1) Tausta ja tavoitteet
Potato is the fourth important staple food crop after wheat, rice, and corn. Due to the increasing production volume and consumption in developing and the highly populated countries of the world, potato is promoted as food of the future. Despite holding such great promises, it suffers from a wide number of diseases of bacterial, fungal and virus origin. It is estimated that about 22% of potato tuber harvest is lost annually due to diseases and pests (International Potato Center, Lima, Peru, http:// www.cipotato.org: Food and Agriculture Organization, United Nations http://fao.org).
Blackleg and soft rot caused by the bacterial species Dickeya and Pectobacterium have become consistent threats to potato. Although the average loss of harvest due to the disease complex is not well documented, an annual economic loss of up to 25 million Euros is reported from the Netherlands alone. Losses are often associated with direct yield reduction as well as rejection or downgrading of seed potato (Toth et al., 2010). The problem of blackleg in Europe has increased in recent years due to the establishment of an aggressive species of Dickeya namely D. solani. The species is spreading very fast in Europe. It was first detected on potato in 2004 in Finland (Degefu et al., 2013, Laurila et al., 2010) and has been the cause of major outbreaks of blackleg particularly during warm springs and summers (Degefu et al., 2013: 2014).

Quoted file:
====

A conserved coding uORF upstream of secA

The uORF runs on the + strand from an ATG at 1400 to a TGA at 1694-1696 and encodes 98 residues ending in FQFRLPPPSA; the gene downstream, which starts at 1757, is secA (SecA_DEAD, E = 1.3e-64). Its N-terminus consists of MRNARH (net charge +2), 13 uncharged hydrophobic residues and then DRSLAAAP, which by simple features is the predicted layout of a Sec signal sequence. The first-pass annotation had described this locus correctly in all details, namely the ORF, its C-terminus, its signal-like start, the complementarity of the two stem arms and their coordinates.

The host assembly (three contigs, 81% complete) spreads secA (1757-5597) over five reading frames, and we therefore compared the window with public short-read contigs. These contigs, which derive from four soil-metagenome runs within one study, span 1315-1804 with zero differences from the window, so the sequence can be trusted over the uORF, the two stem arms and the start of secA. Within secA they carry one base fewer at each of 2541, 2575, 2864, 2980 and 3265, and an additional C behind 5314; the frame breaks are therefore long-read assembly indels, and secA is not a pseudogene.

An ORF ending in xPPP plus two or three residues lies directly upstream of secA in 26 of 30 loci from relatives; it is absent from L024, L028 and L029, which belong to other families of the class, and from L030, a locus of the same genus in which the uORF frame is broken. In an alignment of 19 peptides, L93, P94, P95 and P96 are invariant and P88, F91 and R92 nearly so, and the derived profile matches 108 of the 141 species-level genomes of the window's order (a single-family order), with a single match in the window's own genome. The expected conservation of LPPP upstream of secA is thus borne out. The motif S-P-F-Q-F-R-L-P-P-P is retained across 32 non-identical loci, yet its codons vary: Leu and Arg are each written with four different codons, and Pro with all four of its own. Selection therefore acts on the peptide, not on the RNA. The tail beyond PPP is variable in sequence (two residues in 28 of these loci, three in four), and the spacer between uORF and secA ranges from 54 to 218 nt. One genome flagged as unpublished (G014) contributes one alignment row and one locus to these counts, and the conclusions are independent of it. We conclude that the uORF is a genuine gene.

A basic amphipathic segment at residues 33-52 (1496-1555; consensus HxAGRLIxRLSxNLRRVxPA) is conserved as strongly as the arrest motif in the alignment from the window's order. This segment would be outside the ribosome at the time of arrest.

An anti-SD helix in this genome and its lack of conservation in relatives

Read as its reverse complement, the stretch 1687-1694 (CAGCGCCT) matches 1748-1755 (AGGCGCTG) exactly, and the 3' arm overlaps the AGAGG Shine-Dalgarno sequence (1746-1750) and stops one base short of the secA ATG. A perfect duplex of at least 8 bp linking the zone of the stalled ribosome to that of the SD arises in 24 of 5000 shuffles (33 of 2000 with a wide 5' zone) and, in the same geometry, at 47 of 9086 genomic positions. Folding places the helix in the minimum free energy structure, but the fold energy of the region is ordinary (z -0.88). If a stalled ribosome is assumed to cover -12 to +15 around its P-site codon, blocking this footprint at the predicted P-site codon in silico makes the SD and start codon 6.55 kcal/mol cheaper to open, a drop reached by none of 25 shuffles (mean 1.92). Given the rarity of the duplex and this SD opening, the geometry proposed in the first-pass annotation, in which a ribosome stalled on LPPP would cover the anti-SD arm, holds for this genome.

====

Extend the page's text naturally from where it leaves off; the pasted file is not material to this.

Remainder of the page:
Moreover, recent blackleg and soft rot surveys in the High Grade (HG) area revealed that other species of Pectobacterium known as P. brasiliensis first found in Brazil has been confined in tropical and sub tropical environments and P. wasabiae which apparently has been misidentified as Pectobacterium carotovorum (Nykyri et al., 2012) are also occurring in potato in Finland (Degefu and Virtanen, 2015). This marked shift in etiology of blackleg and soft rot over the last couple of decades (Harju and kankila, 1993: Degefu, 2015) made the disease a complex problem calling to renewed efforts in research and developments in the diagnosis and management of the disease. These known and identified species of blackleg bacterial species are adapted to different temperature regimes typical to the common trends of Finnish summers. This in turn cause that disease is a likely phenomenon irrespective of the temperatures in the growing season. The severity of the disease outbreak and the extent of losses, however, depend on the length of the conducive temperature and humidity conditions (Degefu et al., 2013)